ALGIERS—Chronic back and neck pain, severe exhaustion and postural deviation prevented fourth-grade student Suaad from going to school.
Her parents didn’t give much thought to the issues until they noticed an abnormal curve in Suaad’s spine and took her to an orthopedist. She was diagnosed with mild scoliosis from carrying heavy loads on her back for long periods of time.
Saad’s case is not unusual: Doctors say many of Algeria’s more than 8 million students—particularly those of primary-school age—suffer from scoliosis, an abnormal curvature of the spine that can result from carrying too many heavy books.
With a fourth grader carrying as many as a dozen books, each one weighing around 1.5 kilos, the weight of children’s backpacks illustrates requirements to memorize texts instead of discuss ideas.
“Sometimes they intentionally leave some books at home to reduce the weight of their bags, and eventually they start to hate their schools and teachers, and think of dropping out,” said Ali Shebittah, professor of pedagogical sociology at Setif University.
Scoliosis leads to a narrowing of the chest cavity housing and constricts the organs, causing pain, fatigue and exhaustion, said Moustafa Al-Khaiaty, president of the National Authority for Health Care and Scientific Research Development and head of the Pediatrics Department at Al-Harash Hospital.
“Scoliosis constricts the lung cavity, causing difficulty in breathing,” Al-Khaiaty said.
The weight and quality of backpacks, in addition to the way they are lifted, can all lead to the medical condition, Al-Khaiaty said. He added that parents should be aware of the importance of selecting good-quality backpacks and teaching their children how to lift them. At the very least, children should not use a cloth or canvas bag that they sling over one shoulder, and if they wear a backpack they should put both straps on to distribute the load evenly.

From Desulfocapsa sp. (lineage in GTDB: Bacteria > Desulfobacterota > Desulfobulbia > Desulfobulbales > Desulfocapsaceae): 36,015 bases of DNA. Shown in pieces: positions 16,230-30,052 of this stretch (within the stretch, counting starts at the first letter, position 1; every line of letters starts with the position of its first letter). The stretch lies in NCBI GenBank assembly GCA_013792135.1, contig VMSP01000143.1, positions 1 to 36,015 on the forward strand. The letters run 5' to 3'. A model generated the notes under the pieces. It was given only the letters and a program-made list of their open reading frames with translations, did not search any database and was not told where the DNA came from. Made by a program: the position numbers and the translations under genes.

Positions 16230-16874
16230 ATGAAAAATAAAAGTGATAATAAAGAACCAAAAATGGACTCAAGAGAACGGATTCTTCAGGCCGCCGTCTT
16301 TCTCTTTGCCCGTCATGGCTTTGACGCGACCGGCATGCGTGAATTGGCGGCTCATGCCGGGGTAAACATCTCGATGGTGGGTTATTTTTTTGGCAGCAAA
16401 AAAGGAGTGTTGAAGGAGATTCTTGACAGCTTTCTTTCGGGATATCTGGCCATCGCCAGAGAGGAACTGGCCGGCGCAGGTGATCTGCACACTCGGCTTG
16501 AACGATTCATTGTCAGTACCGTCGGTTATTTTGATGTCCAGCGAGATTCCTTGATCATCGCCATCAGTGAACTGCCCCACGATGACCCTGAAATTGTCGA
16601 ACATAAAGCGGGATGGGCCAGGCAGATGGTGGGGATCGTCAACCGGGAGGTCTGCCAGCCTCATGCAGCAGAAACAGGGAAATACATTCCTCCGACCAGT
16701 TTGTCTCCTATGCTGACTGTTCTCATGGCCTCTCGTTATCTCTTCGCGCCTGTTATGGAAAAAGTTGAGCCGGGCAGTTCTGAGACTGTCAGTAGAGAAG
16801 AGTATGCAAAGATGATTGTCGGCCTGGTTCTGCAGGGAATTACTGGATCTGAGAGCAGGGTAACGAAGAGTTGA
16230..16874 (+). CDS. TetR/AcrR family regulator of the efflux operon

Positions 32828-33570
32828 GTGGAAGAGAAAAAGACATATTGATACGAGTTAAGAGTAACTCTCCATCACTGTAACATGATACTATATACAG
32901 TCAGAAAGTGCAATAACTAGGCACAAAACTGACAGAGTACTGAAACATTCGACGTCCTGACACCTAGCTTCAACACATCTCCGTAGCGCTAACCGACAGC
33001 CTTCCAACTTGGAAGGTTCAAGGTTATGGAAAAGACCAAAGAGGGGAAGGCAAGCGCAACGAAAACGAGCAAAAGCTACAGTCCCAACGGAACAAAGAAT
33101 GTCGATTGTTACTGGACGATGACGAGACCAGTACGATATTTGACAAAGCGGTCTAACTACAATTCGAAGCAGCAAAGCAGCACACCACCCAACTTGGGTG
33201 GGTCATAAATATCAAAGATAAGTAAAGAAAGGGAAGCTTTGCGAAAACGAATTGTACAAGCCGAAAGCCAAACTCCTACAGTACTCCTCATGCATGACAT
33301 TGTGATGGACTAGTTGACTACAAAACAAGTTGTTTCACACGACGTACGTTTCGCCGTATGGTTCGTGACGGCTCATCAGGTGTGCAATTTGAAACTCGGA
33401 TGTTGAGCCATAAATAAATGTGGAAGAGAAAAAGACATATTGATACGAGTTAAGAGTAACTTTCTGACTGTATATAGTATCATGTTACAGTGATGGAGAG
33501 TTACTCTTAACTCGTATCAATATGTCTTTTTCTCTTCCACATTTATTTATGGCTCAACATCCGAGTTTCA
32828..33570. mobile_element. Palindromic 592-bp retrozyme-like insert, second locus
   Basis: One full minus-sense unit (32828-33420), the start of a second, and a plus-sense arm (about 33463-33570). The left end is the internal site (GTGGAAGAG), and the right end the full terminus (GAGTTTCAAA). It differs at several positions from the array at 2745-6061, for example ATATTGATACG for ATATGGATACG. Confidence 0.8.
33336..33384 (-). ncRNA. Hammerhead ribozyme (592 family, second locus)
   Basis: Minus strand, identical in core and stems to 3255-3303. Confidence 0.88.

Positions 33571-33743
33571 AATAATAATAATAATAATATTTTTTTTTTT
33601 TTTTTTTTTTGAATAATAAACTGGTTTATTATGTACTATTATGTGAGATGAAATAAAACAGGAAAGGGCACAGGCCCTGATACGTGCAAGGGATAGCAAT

Schools don’t have nurses or doctors with the knowledge or ability to tackle cases of scoliosis in children early on, education officials said.
“Health care services are provided to students through medical teams led by a general practitioner, who only visit schools once or twice a year,” said Shenouf Redda, principal of a primary school in Bouamama, in Algiers. “The medical examination of students focus only on infectious diseases, which means that discovering scoliosis in schools is impossible.”
Some educators have tried to reduce the weight of backpacks, which they say shouldn’t weigh more than 10 to 15 percent of a child’s total body weight. The educational authorities in central Algiers, for example, stipulated that cupboards and drawers in some of the schools be allocated for children to store books overnight.
But there is disagreement over this. “Books cannot be left at school,” since students need them to complete their homework, said Masoud Amrawy, a spokesperson at the National Union of Educational Employees.
Khaled Ahmed, the head of the Parents’ Association, has proposed another solution: Making books slimmer by only including relevant content. That could reduce the weight of each student’s backpack to about 10 kilograms, making them equal to about 34 percent of a student’s body weight, he said.
“A fourth grader has 12 books and 11 copybooks, which is quite a number,” Ahmed said. “Dividing books into sections for each school term could solve the problem.”
Ahmed’s suggestion would require textbooks to be reprinted, costing the government extra money, but Ahmed said finances should not be a factor: “Our children’s health is priceless,” he said. “So, this reason is unacceptable. Furthermore, some of these books are already reprinted every year to correct mistakes.”
Whatever the solution, parents and educators say something needs to be done as the education ministry has failed to reduce the weight of backpacks especially for students in early grades.
Some have called for a complete review of the curricula and for advancement in methods of teaching to combat the problem.
“The educational system requires thorough review and assessment of all aspects of the educational process,” said Shebittah, the professor of pedagogical sociology. “The issue cannot be confined to school bags, which will continue to be a problem as long as the use of technology in schools is still a far-fetched dream.”